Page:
Using U.S. Treasury inflation-protected securities or the iShares Barclays Tips Bond Fund (NYSEARCA:TIP) to extract inflation signals is notoriously difficult. Briefly, the TIPS market is not all that liquid and the prices reflect various risk premiums, such as a liquidity premium, in addition to information about future inflation. The chart below shows that inflation expectations, as measured by the Fed's preferred measure five-year forward breakeven rate (now 2.61%), looks to have meaningfully broken above the 2.40%-2.50% range that has held since earlier this year. Sure, this gauge of inflation expectations has been as high as 2.80% as recently as December 2014. However, the U.S. unemployment rate was 6.7% back then and now it's just 6.1%. Plus, risk markets are higher across the board. So the Fed has to take notice.

Granted, the data is noisy as Ms. Yellen famously has pointed out. But broader measures of inflation in the real economy are all up as well. The CRB Index is about 7% since the start of the year, although it has recently fallen due to a dramatic decline in oil prices. The JOC-ECRI Index of industrial prices is up close to 6% year over year. To be clear, we do not see an inflation scare. In fact, longer term, the forces of deflation are more powerful than inflation, in our view. However, it would be breathtakingly naïve on our part to ignore the threat of interest rates moving higher, at least near term.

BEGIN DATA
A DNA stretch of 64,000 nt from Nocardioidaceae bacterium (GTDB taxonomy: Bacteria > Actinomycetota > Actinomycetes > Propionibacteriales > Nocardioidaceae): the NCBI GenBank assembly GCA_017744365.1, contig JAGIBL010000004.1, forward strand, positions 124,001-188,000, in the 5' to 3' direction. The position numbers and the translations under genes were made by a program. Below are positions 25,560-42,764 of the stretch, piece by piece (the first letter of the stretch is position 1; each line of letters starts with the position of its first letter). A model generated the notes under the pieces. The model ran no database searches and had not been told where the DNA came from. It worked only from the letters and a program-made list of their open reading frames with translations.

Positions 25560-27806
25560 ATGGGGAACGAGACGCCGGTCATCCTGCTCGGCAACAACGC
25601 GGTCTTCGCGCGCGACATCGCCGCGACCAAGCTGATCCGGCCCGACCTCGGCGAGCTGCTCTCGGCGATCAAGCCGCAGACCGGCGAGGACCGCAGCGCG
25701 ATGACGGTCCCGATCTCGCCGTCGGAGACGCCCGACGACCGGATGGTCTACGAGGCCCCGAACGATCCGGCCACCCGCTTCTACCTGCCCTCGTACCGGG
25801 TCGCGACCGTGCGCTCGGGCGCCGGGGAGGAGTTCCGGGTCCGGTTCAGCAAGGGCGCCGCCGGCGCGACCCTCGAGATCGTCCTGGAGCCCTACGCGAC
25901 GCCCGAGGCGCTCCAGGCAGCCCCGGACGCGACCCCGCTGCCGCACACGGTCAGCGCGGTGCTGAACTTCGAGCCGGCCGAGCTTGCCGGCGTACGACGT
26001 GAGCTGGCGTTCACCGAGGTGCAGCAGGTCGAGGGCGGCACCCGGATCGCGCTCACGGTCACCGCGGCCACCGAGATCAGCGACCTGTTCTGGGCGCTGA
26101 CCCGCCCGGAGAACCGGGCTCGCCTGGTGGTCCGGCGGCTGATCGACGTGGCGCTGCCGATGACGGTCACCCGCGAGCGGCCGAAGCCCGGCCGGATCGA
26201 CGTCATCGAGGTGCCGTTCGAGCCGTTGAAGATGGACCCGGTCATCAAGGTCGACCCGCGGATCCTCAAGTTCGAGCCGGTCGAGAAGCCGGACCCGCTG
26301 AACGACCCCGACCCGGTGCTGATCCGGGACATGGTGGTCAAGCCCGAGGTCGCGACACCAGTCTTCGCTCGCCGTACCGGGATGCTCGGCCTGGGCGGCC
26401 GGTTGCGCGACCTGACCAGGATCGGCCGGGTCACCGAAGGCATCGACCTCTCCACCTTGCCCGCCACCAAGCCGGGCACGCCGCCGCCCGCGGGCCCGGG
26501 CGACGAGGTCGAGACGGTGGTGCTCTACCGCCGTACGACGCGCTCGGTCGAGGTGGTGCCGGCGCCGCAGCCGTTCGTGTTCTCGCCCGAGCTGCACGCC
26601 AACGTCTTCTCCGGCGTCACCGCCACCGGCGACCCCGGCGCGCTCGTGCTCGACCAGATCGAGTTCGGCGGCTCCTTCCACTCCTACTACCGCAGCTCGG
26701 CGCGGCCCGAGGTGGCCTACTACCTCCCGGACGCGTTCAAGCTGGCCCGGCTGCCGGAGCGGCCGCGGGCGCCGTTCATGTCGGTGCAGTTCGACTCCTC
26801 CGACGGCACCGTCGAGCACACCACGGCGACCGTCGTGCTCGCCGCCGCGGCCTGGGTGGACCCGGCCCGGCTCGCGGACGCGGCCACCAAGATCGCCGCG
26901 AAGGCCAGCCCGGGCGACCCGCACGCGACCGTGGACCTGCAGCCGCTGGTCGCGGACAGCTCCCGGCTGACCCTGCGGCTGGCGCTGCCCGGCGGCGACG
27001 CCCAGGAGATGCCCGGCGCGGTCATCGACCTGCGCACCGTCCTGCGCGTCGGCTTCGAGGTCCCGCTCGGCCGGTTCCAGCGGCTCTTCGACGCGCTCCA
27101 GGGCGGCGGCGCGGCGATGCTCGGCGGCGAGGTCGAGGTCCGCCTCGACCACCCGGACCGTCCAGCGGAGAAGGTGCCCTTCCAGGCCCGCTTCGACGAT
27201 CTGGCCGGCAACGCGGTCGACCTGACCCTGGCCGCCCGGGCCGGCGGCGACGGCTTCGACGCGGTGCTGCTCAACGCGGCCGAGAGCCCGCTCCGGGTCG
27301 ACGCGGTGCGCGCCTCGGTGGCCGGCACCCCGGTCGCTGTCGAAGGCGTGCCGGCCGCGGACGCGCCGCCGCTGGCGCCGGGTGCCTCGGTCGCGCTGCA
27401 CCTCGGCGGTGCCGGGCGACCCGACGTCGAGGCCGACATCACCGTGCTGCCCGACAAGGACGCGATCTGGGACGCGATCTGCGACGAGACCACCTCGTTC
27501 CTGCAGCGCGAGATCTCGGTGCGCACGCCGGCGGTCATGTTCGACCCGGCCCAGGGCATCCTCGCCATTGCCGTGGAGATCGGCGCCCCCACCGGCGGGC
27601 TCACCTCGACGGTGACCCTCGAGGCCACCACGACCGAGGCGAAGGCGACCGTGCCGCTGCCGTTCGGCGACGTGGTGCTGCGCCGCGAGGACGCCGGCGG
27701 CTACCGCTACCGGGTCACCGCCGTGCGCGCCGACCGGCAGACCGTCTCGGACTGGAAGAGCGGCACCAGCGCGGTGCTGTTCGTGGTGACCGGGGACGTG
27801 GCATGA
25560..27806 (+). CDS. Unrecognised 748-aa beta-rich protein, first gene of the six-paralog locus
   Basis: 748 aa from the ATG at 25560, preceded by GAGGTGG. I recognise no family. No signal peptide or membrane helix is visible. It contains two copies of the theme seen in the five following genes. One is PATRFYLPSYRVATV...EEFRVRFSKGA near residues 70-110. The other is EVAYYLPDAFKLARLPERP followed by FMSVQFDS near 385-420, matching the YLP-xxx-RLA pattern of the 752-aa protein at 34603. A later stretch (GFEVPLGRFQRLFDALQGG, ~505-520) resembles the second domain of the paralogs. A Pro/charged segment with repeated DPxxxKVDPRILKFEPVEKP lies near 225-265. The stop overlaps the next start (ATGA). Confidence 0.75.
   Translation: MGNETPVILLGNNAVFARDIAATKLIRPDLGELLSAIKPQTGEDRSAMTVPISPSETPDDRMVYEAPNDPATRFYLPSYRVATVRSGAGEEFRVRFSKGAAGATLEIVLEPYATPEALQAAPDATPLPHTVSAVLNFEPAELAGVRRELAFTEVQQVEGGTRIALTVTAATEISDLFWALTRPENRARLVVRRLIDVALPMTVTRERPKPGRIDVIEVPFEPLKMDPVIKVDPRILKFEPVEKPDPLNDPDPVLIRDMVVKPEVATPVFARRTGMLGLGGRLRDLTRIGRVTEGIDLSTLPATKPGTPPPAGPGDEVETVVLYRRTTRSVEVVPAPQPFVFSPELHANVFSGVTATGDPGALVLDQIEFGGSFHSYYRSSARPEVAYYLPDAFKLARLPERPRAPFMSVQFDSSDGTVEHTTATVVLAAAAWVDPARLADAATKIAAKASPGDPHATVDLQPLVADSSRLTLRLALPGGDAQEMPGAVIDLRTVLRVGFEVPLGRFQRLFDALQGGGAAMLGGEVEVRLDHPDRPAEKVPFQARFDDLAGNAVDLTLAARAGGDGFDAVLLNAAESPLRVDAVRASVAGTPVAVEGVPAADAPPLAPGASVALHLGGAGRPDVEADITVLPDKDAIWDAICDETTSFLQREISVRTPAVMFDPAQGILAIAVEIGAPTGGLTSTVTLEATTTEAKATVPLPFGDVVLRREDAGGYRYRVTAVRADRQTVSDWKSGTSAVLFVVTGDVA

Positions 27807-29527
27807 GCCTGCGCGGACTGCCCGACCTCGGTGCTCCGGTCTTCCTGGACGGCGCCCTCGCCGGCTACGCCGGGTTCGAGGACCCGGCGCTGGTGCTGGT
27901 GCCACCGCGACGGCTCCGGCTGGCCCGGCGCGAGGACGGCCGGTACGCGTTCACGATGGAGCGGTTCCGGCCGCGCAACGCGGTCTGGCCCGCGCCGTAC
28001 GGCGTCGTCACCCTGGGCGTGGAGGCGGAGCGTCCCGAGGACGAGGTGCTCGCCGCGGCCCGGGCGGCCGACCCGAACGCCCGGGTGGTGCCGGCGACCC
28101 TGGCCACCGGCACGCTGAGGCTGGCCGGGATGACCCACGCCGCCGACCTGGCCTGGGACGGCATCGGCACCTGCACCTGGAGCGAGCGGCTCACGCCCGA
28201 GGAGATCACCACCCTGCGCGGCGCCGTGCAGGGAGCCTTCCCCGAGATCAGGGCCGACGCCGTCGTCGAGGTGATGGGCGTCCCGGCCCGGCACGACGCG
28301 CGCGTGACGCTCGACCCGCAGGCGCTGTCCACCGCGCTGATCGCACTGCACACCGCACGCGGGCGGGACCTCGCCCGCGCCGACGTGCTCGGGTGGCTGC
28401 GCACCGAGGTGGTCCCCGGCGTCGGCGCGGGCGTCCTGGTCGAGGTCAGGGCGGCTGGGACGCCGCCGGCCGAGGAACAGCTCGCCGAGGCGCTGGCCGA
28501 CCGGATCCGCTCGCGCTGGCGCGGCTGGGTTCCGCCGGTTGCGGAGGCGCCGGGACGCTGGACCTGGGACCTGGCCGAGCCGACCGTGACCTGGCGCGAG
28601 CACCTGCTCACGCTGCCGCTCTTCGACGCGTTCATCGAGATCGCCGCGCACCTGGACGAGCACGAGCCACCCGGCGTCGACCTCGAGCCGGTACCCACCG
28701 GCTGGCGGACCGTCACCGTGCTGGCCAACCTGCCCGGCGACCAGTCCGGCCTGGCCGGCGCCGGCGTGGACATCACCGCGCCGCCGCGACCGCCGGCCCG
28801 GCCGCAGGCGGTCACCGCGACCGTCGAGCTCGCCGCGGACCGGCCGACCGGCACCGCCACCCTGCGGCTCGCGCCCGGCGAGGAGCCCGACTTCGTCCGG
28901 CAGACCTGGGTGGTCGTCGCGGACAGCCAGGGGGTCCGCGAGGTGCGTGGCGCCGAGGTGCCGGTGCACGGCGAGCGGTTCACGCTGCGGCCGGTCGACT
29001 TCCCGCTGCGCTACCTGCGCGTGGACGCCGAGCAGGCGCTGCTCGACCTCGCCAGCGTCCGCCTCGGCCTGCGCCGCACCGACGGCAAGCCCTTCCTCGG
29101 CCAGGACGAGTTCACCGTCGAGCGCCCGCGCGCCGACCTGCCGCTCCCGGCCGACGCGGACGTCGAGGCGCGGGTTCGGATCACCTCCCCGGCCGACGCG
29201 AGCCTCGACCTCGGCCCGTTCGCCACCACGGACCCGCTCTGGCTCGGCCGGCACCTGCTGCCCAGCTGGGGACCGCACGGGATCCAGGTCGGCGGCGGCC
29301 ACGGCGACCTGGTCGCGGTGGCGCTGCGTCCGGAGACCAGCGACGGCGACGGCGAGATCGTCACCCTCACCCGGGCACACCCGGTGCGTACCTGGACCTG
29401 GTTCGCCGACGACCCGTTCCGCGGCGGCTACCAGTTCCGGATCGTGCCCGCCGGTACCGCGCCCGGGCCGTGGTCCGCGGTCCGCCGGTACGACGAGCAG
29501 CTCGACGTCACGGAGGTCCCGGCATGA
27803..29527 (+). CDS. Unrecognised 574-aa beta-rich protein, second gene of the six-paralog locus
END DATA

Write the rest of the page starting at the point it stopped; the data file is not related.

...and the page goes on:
The Japanese Yen

The Japanese yen has strengthened about 3.50% against the USD so far this year. Meanwhile, Nikkei tracking funds iShares MSCI Japan (NYSEARCA:EWJ) are flat for the year. This is not surprising given that the yen depreciated against the dollar by 17.65% last year and the Nikkei Stock Index was up a whopping 57%. This year, Japan is starting to finally see headline price indices rise after years of near zero or negative readings. Shouldn't a rising Consumer Price Index in Japan, relative to the CPI registered in the U.S., weaken the yen? Apparently not. Are not Japanese government bonds, called JGBs, supposed to react negatively to a rise in actual inflation? Apparently not either. JGBs are as steady as a rock and the 10-year yield has actually dropped by 21 basis points so far this year. So what's going on?

We don't really know to be completely frank. What we do know is that a strengthening yen can at times herald a very rough road ahead for global risky assets. We also know for sure that the Japanese stock market will not rise if the yen continues to strengthen. Japanese bonds certainly will not sell off. A few years ago, the yen used to be the funding currency choice leading to the infamous carry trade. Now just about every currency in advanced countries is funding currency due to abnormally low borrowing costs. So the damage or fallout from a rising yen may not hit risky assets in the same manner as in the past. But it may. Watch the JPY/USD cross rate. A break below 100 may signal that Japan's most recent attempt at reflation is a failure. That is definitely not good for any risky assets.


Bond investors have had a good run in 2014 and should take some profit and reduce exposure. Inflation expectations and actual inflation readings are beginning to rise and will definitely be noticed by the FOMC. The Bank of England is hinting at an early rate rise. The BOE is widely considered an early mover - both at cutting and raising interest rates. Lastly, the Japanese yen has been strengthening recently, which historically has meant some bad news for risky assets.

Disclosure: The author is long TIP, EDV, SPY. The author wrote this article themselves, and it expresses their own opinions. The author is not receiving compensation for it. The author has no business relationship with any company whose stock is mentioned in this article.